But beaver had already been feeding the economy of the New World for more than two hundred years by the time the Rocky Mountain fur trapper appeared on the scene. And beaver continued to turn the wheels of commerce as the big companies and the small bands of free trappers moved farther and farther into the wilderness, searching deeper and deeper for virgin country yet untrapped.

Scratch stopped there in the cold stream fed by last winter’s snows, far, far overhead among the high peaks, surveying the banks on both sides while he pushed some of the long brown curls out of his eyes. As a trapper grew in experience, he came to recognize just what the possibilities of finding beaver would be from the type and amount of vegetation sprouting along a certain stretch of a creek or
river. Down at lower elevations some of the animals would feed on young cottonwood and alder, while up here above the foothills beaver worked on aspen, willow, and birch.

Crossing the stream to the far bank, Scratch bent and scooped up a handful of the wood shavings thickly scattered at the base of a stump within reach from the water. Rolling the chips in his fingertips to check for moistness, then bringing them to his nose to smell—the more fragrant, the fresher they were—Bass calculated it was a recent cutting. No man had ever taught him this: not Bud, nor Billy, nor even the savvy Silas Cooper—none of the three who had gathered him under their wings and taught him not only what it would take to make a living as a trapper, but how to keep hold of his hair in Indian country.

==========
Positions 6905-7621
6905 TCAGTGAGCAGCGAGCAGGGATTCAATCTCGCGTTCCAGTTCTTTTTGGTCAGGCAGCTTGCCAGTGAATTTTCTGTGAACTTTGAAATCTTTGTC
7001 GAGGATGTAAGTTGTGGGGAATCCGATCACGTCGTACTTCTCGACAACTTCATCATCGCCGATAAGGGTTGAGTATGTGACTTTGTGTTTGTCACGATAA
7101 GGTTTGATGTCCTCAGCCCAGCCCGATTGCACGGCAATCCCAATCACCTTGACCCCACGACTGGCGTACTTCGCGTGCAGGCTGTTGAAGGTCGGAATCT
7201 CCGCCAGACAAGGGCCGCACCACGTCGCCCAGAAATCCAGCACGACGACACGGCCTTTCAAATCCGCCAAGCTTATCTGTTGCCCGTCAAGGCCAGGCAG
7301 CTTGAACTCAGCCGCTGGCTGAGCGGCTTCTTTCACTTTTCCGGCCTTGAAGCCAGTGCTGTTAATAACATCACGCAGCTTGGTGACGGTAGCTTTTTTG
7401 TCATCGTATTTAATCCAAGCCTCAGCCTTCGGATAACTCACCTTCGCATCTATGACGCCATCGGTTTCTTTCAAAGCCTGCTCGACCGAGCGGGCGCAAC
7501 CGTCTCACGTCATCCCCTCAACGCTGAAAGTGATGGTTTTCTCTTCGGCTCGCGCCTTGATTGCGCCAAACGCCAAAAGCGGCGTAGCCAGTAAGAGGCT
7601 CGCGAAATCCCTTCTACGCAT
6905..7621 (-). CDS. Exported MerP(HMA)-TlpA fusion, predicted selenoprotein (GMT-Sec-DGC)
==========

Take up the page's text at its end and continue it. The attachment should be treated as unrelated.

No, seasons ago Scratch had learned this trick on his own hook. The fresher the shavings, the more recent the activity in that section of a stream, and consequently the greater the possibility of a concentration of flat-tails consumed with building dams, flooding meadows, and constructing lodges for their families.

A trapper counted on the probability that any beaver curious enough to be lured to the bait stick would put a foot in the steel trap waiting for it at the bottom of a slide or near the entrance to its domed lodge. Unable to free itself from the weight of the trap, the beaver would drown quickly, leaving its pelt unmarred, ready for a careful skinning.

After being stretched, fleshed, and dried on round hoops of willow, the hides were bundled in packs for eventual transport to the summer rendezvous. This annual gathering, another invention of General William H. Ashley, was conceived as a means of resupplying his brigades who spread out through the mountains from late summer until the following spring when they would begin their trek down from the high country to a prearranged valley, there to meet with the caravan come all the way out from St. Louis laden with powder and lead, sugar and coffee, beads and trinkets, calico and wool stroud—everything a man would need to live for another year in the mountains,
even what that man might employ to entice an Indian squaw back among the brush for an all-too-brief and heated coupling.

No money ever changed hands between trader and trapper, white man or Indian. None was needed. Beaver was the only currency in the mountains. With it a man would eventually buy himself a head-splitting drunk, a raucous series of couplings with a string of agreeable Indian maidens, and he might possibly have enough left over to outfit himself for another year in the high lonesome without going into debt to the company.

No matter that most men had little to show for their years and their miles and their wrinkles. To search out the wily Rocky Mountain beaver, a man might willingly risk his hair, his hide, and perhaps his very soul.